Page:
Graffiti Bus Messages is intended to inspire and uplift Ames students
I started with 11 magic words and signs.
Technically, the graffiti on a school bus in Ames was vandalism, and when that day’s driver first saw it at the end of its route, she sighed, knowing she had some cleanup to do.
But quiet moments often make a big impact.
“Then I read it,” said Sarah Knight, general manager of Durham School Services, which was making up for an absent driver that day.
The words affixed to the back of the seat were somewhat upscale, a far cry from the usual immature creations.
“That positive message was: ‘Whenever you feel down, remember, you are literally one of a kind,’” Knight said. “There’s no way you can read a message like that and not feel encouraged.”
She cleaned up the graffiti, but the gears of her imagination began to turn, wondering what such a random act of kindness could lead to.
The anonymous letter sparked a high-profile project that affected thousands of Ames students and dozens of Durham employees.
Since discovering this cute vandalism on November 2, 2021, Knight has begun expanding on the original graffiti by creating a PowerPoint to gain support from school district leaders and staff. She hoped to create a safe space on their bus, a place to teach children the benefit of teamwork.
The pitch was a success, sending a wave of positivity through the art. Knight set to work, turning her school bus into a palace of rest – and opening the door to a new avenue of creativity.
The original message, along with nearly 100 others, was designed brightly and creatively on removable vinyl panels, which were applied to the walls above the seats on one Ames school bus.
Graffiti was created almost exclusively by 72 Durham employees at Ames.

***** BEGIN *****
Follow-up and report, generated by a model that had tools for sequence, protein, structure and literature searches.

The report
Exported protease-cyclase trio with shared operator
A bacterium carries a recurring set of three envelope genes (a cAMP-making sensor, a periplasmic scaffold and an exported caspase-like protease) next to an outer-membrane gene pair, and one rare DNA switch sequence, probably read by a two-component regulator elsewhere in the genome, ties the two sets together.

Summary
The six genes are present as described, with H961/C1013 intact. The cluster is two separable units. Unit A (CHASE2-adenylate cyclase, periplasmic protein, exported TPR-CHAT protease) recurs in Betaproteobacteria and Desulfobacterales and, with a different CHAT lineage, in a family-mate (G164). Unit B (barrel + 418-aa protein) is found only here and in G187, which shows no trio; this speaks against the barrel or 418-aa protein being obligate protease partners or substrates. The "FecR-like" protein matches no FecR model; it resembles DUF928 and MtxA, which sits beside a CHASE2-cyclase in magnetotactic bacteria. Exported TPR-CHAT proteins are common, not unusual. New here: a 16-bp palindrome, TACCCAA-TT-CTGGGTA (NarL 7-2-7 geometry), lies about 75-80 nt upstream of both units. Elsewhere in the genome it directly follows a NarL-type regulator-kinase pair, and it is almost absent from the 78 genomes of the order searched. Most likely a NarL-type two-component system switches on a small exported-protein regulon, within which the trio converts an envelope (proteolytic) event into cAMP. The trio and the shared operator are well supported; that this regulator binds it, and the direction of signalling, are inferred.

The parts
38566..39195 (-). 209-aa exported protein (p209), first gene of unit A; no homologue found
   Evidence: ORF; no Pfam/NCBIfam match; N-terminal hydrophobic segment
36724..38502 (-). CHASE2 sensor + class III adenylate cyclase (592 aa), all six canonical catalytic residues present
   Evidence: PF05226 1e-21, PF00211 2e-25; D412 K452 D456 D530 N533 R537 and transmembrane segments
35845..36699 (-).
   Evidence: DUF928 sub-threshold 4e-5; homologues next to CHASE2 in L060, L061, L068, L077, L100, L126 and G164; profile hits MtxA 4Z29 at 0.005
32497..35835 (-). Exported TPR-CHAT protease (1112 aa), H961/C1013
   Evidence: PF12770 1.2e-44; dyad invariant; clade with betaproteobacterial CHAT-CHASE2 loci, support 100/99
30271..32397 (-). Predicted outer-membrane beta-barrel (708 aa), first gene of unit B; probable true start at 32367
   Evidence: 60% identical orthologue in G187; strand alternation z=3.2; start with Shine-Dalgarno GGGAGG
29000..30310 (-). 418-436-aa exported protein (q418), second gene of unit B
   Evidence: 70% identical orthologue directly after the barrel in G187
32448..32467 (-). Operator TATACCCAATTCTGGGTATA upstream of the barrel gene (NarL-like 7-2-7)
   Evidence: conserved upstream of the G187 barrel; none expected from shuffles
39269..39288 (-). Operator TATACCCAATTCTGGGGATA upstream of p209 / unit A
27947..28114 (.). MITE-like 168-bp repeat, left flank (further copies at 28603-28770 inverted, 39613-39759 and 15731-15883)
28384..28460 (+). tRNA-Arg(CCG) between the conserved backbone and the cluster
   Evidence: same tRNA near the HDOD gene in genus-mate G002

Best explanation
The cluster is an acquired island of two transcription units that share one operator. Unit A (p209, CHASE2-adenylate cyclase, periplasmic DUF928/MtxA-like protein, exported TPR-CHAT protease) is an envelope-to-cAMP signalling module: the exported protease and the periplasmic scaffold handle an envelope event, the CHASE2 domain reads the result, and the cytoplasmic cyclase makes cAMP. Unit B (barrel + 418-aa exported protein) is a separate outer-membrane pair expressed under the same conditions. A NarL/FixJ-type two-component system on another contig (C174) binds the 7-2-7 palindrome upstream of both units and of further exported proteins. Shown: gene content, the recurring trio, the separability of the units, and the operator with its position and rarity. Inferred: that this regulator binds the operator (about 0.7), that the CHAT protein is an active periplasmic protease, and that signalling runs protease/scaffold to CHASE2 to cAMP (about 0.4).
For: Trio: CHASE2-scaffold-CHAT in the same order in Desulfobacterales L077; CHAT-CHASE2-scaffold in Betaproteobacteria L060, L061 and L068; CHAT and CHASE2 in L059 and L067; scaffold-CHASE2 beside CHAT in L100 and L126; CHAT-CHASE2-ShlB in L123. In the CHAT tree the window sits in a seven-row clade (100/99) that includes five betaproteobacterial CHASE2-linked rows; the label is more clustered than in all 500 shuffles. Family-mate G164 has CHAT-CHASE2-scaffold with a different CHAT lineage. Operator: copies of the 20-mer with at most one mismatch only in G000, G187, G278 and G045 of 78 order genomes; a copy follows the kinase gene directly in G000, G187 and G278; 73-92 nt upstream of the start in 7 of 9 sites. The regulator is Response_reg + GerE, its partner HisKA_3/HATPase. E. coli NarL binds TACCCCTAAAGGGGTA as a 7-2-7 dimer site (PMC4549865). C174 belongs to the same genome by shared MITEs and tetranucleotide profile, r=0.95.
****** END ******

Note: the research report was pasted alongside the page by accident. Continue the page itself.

Some of them put multiple tags. “Some people told me it was out of the ordinary,” Knight said with a laugh. “But everyone really believes in what we do.
“We work here and we want to make a difference because we care, and there’s a lot of suffering going on.”
Project Knight blossomed from a tragic moment that it’s still stuck with, nearly a decade later.
The loss of student Connor Tharp inspired Knight to make a difference
Often intense personal struggles are rather quiet. Knight discovered this during his morning commute in 2014.
Conor Tharp, a local high school student, wasn’t waiting at his usual bus stop that day. He did not attend school, and was later reported missing. Then Knight heard the news. Tharp committed suicide himself.
The unexpected happens, and it rocks society.
Tharp was friendly and popular. Knight said he always said goodbye to her. It surprised her, as well as many of the other people who surrounded him.
“He was really nice to everyone. I had no idea he was suffering, so it made me realize how many people honestly hide something they’re going through,” Knight said.
Knight began driving school buses in 1996, and was promoted to general manager in 2013. It wasn’t until 18 that she realized her daily presence in the many lives of her passengers could make a difference.
Knight said, “(Tharp’s suicide) affected me tremendously. I wondered what I could have done in my role to put positivity into his life — or the lives of any of the children I’m transporting.”
It’s time to take action, to help build others, and to provide a safe space to and from school.
The Graffiti Bus will transport about 2,500 students before the end of the school year
Graffiti messages on the bus encourage children to be proud of who they are and to know their worth.
Bus drivers sought creative help from their young passengers, asking for specific messages and images they would like to see represented.
These pieces of graffiti are labeled with the name of the group. The words needed to be seen, not heard, to understand their full impact.
“I think it’s a great project,” said Ross Fulton, Durham School Services’ Safety and Training Supervisor. “I have to give Sarah credit. I didn’t really get it at first, but when we finally started seeing all the signs on the bus, I was like, ‘Wow! This looks amazing! “
The Graffiti Bus went into service two weeks ago, and one day the bus was assigned to every route in the Ames school district, making it accessible to nearly 2,500 students.
The region has approximately 60 bus routes each day. Each route will have a day when the graffiti bus will run in the morning and afternoon.
“The goal was to touch every life we pass on,” Knight said. “So every bus has its day. It’s just a flawless job. It took a whole team to do it.
I just couldn’t be more proud of the entire staff. “
Rhona Faaborg covers business, education and the arts for the Ames Tribune. You can reach her at [email protected].